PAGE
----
Son confronts Latino stereotypes and discovers the true nature of his father
My dad and I were eating at the buffet on a riverboat casino in Elgin, our “father/son bonding experience” sprung on me when I went home for the holidays. Nothing says “Happy new year!” quite like a suburban casino. We were taking a breather between the slot machines and the roulette table when my dad asked, “So how are you and Dani?”
My relationship with Dani—my freshly ended relationship—was a four-year lark that spanned three continents, four apartments, mental and physical illness, and a handful of four-thousand mile moves. Towards its apex, right around the time that I realized that we were going to be together until one of us died because that was our comfort zone and why change things, we got engaged.
This was the first serious conversation my dad and I had ever had. There were two other “serious” talks we had. Both times I cringed. The first was when I was eight years old and he dragged me into the backyard, sat across from me in a lawn chair and told me about sex, using words like “dick” to describe an erection and briefly hinting to the fact that anal was a thing that happened sometimes; the penultimate was when I was fourteen, outside Circuit City, where he told me if I was having sex (I wasn’t yet) to use a condom, and that he would buy them for me if I needed. I’m fairly certain my dad passed up parenting books in favor of porn.
So here’s my dad, eating a steak, asking me for the first time, in a lofty sense, how I was doing… emotionally. A man who I’ve never seen cry, even at his dad’s or his best friend’s funerals, asking me about feelings. it was unexpected, awkward and weird.
While I was growing up, I always managed to find some way of getting him pissed off. Failing a class. Not cleaning the kitchen. Piercing my nose. Calling him an asshole. You know, being a high schooler. Still, he wanted to bond with his only son. He took me to sporting events when I was in grade school, and that was good. But as soon as we moved to the suburbs, it was once a season going to the pool hall where he would only talk about sports or the pool game we were playing. Being at the casino kind of felt like that.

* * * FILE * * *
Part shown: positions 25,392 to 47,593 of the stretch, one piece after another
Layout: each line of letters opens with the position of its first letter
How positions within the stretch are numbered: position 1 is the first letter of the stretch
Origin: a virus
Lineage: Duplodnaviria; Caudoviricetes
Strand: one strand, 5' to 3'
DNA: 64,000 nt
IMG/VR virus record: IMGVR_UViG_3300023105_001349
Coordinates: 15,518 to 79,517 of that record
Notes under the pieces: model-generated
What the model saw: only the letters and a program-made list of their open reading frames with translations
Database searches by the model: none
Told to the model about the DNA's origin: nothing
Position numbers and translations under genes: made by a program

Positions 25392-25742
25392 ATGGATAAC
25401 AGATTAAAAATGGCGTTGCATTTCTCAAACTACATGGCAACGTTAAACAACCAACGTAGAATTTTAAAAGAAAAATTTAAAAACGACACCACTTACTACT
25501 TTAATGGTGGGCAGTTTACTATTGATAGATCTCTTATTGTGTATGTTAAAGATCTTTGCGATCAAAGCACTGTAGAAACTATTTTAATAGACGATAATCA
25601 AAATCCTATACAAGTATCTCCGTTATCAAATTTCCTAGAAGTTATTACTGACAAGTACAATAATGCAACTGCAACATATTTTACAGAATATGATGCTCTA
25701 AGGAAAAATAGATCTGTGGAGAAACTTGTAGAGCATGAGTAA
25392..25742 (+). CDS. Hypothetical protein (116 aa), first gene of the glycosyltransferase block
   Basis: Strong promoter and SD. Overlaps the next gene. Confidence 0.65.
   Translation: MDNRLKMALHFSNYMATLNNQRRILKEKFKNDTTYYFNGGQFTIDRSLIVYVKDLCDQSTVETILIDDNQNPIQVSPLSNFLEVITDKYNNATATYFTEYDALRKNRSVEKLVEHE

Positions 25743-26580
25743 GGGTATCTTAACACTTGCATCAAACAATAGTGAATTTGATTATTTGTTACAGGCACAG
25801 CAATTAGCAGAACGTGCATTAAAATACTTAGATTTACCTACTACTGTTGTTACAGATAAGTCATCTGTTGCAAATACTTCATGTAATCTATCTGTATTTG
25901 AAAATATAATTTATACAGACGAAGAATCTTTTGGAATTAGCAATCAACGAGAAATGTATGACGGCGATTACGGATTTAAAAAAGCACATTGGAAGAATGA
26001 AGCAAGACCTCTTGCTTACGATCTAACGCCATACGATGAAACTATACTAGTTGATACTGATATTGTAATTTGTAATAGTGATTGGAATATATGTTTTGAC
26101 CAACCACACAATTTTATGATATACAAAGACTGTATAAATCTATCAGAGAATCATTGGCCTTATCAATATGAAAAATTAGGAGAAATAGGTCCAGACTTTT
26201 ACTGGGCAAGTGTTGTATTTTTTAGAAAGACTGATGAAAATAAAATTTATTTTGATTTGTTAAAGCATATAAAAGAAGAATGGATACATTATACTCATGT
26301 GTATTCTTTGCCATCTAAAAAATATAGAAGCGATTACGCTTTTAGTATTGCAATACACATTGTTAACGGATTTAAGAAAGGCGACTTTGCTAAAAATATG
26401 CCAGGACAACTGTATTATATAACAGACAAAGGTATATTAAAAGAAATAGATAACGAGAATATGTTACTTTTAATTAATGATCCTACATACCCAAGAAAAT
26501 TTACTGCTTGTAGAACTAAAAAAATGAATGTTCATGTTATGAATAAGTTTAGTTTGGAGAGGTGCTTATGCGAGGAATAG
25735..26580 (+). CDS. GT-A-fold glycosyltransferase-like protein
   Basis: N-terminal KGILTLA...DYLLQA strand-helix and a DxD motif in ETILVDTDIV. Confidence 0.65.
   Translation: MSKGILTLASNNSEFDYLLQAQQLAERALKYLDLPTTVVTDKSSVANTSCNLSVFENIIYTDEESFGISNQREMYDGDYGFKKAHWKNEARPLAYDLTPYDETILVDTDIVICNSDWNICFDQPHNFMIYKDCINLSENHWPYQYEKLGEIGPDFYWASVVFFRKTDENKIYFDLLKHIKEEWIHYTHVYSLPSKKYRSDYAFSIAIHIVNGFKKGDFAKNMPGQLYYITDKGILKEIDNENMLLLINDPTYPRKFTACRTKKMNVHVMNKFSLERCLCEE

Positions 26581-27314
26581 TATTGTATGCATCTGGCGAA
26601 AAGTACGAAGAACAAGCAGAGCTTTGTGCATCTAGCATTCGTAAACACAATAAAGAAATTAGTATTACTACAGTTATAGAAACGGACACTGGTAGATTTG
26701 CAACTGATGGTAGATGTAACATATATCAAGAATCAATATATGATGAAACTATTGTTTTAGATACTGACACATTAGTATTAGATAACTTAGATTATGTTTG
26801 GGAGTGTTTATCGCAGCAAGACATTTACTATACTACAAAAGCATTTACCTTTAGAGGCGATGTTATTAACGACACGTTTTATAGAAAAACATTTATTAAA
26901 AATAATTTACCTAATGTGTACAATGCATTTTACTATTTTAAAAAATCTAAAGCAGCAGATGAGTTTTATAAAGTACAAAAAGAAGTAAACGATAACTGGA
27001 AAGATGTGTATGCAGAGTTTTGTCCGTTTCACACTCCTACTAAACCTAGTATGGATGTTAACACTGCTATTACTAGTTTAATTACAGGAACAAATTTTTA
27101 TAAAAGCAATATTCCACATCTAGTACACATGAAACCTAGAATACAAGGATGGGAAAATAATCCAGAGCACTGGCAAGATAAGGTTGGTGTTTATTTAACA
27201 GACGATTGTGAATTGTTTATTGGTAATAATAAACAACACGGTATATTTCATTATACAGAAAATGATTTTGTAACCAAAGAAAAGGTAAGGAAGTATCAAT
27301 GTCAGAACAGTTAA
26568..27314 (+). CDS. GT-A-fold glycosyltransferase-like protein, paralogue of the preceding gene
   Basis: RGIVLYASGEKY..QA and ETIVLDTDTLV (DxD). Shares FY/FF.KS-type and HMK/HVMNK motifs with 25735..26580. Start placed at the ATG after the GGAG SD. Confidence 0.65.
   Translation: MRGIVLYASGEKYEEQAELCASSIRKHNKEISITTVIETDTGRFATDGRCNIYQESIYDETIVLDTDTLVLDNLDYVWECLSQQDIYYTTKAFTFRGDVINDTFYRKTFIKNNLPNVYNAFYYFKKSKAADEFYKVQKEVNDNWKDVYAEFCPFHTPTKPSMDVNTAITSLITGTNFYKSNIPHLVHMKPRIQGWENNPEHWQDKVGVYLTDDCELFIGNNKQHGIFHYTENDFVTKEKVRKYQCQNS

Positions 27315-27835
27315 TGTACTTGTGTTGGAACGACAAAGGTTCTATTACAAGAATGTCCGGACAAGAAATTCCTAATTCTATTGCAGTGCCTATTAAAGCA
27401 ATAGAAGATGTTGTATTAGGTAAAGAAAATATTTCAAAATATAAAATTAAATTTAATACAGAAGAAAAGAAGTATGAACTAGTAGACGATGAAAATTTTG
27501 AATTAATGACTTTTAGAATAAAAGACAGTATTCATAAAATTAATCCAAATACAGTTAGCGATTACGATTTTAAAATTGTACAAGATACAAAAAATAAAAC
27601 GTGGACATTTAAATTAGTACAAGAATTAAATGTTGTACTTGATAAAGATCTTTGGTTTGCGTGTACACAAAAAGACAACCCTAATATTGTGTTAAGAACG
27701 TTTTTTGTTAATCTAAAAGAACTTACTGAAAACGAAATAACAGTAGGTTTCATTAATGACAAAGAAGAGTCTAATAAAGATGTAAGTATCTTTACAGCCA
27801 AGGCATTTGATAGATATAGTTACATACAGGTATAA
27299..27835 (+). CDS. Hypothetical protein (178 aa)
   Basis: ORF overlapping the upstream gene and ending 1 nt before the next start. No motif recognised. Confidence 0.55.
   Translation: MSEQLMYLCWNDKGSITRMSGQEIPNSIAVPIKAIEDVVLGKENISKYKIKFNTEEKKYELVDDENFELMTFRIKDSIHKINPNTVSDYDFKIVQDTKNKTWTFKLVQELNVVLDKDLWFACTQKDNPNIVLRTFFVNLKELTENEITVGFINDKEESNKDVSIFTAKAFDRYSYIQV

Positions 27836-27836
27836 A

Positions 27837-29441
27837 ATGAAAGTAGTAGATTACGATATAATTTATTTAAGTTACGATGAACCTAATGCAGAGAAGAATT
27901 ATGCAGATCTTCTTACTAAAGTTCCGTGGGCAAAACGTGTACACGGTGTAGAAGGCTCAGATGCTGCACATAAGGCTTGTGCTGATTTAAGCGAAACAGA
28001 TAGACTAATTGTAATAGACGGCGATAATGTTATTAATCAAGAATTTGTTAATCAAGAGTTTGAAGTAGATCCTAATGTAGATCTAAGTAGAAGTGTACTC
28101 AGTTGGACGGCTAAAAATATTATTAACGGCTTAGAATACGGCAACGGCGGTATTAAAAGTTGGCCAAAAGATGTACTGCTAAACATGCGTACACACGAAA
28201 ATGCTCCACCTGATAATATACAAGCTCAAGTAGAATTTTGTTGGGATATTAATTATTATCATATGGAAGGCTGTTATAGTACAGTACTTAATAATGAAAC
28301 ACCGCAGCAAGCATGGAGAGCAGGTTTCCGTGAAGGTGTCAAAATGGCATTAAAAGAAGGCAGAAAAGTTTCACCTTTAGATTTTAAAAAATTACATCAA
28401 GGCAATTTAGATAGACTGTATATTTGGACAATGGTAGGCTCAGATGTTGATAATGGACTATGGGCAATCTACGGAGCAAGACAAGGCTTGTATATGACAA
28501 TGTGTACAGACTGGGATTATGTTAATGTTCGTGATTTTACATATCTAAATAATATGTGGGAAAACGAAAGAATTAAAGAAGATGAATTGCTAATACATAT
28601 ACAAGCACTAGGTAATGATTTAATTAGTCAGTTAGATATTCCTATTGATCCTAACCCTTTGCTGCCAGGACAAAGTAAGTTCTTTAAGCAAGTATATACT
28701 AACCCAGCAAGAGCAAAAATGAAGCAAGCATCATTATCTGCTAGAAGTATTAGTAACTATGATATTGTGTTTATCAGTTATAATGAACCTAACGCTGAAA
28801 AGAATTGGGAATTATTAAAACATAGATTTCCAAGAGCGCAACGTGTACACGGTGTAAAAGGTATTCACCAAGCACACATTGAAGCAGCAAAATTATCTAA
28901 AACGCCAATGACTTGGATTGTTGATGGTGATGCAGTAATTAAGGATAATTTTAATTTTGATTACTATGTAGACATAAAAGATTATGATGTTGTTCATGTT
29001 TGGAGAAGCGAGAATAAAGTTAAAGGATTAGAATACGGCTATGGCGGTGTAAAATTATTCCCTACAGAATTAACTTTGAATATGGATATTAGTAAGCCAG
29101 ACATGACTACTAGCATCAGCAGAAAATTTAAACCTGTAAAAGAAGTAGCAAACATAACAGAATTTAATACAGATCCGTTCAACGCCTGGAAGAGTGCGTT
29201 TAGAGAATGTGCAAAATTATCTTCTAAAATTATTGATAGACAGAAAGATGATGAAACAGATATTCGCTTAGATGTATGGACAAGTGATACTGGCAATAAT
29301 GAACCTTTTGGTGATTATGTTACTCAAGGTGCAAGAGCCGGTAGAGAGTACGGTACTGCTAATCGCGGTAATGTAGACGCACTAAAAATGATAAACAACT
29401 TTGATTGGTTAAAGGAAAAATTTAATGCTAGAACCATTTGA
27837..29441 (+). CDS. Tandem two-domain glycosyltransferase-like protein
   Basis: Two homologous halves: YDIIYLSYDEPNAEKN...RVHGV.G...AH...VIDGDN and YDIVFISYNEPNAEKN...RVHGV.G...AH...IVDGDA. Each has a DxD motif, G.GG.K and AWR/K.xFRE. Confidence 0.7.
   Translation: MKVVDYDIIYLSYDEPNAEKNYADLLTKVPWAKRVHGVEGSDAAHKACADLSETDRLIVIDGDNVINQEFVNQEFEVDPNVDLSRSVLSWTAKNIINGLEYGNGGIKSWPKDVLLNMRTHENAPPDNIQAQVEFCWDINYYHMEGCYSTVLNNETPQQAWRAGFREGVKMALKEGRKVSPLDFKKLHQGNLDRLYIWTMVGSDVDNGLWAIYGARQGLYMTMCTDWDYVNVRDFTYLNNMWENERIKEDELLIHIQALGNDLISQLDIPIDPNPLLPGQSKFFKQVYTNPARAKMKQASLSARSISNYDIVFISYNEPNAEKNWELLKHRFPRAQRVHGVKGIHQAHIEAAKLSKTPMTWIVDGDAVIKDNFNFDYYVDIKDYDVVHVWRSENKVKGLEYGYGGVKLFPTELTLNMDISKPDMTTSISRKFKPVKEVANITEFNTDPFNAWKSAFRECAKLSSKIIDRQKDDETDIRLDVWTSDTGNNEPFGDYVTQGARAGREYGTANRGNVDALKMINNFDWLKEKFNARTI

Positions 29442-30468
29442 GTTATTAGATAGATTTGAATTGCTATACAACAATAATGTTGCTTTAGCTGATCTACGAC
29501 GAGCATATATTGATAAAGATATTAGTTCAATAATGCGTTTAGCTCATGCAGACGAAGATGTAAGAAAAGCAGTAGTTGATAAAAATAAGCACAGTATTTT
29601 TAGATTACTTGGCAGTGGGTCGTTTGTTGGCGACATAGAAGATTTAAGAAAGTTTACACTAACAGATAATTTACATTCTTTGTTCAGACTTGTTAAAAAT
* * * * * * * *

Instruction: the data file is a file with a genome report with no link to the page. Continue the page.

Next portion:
But I was lonely, not really having any of Dani and my mutual friends to talk to after the break up, so I told him what happened. The whole engagement was built on shaky ground. In October of 2009, after a night of heavy drinking in a bar in Wrigleyville, we were eating chicken nuggets in our apartment when I asked if she wanted to get married. It was the next step for a couple in love, one in a sequence of events that
led down the road to eventual death. There wasn’t a ring or any real planning. We didn’t need any of that. We were young and in love and felt invincible or whatever twenty-one-year-old me would say. We had grown into adults together, knew all of each other’s habits. It was time. But about six months later, as the excitement and newness of the engagement wore off, I started to regret it.
It was too much, the time together, the idea of forever…I was going to wait for our lease to be up and just tell her. That was the plan anyway. Instead, I left a document up on my computer, writing out my frustrations and wishes that I could be with someone, anyone else. I left it up and Dani saw it, confronting me in our room in an hour-long conversation that ended our relationship.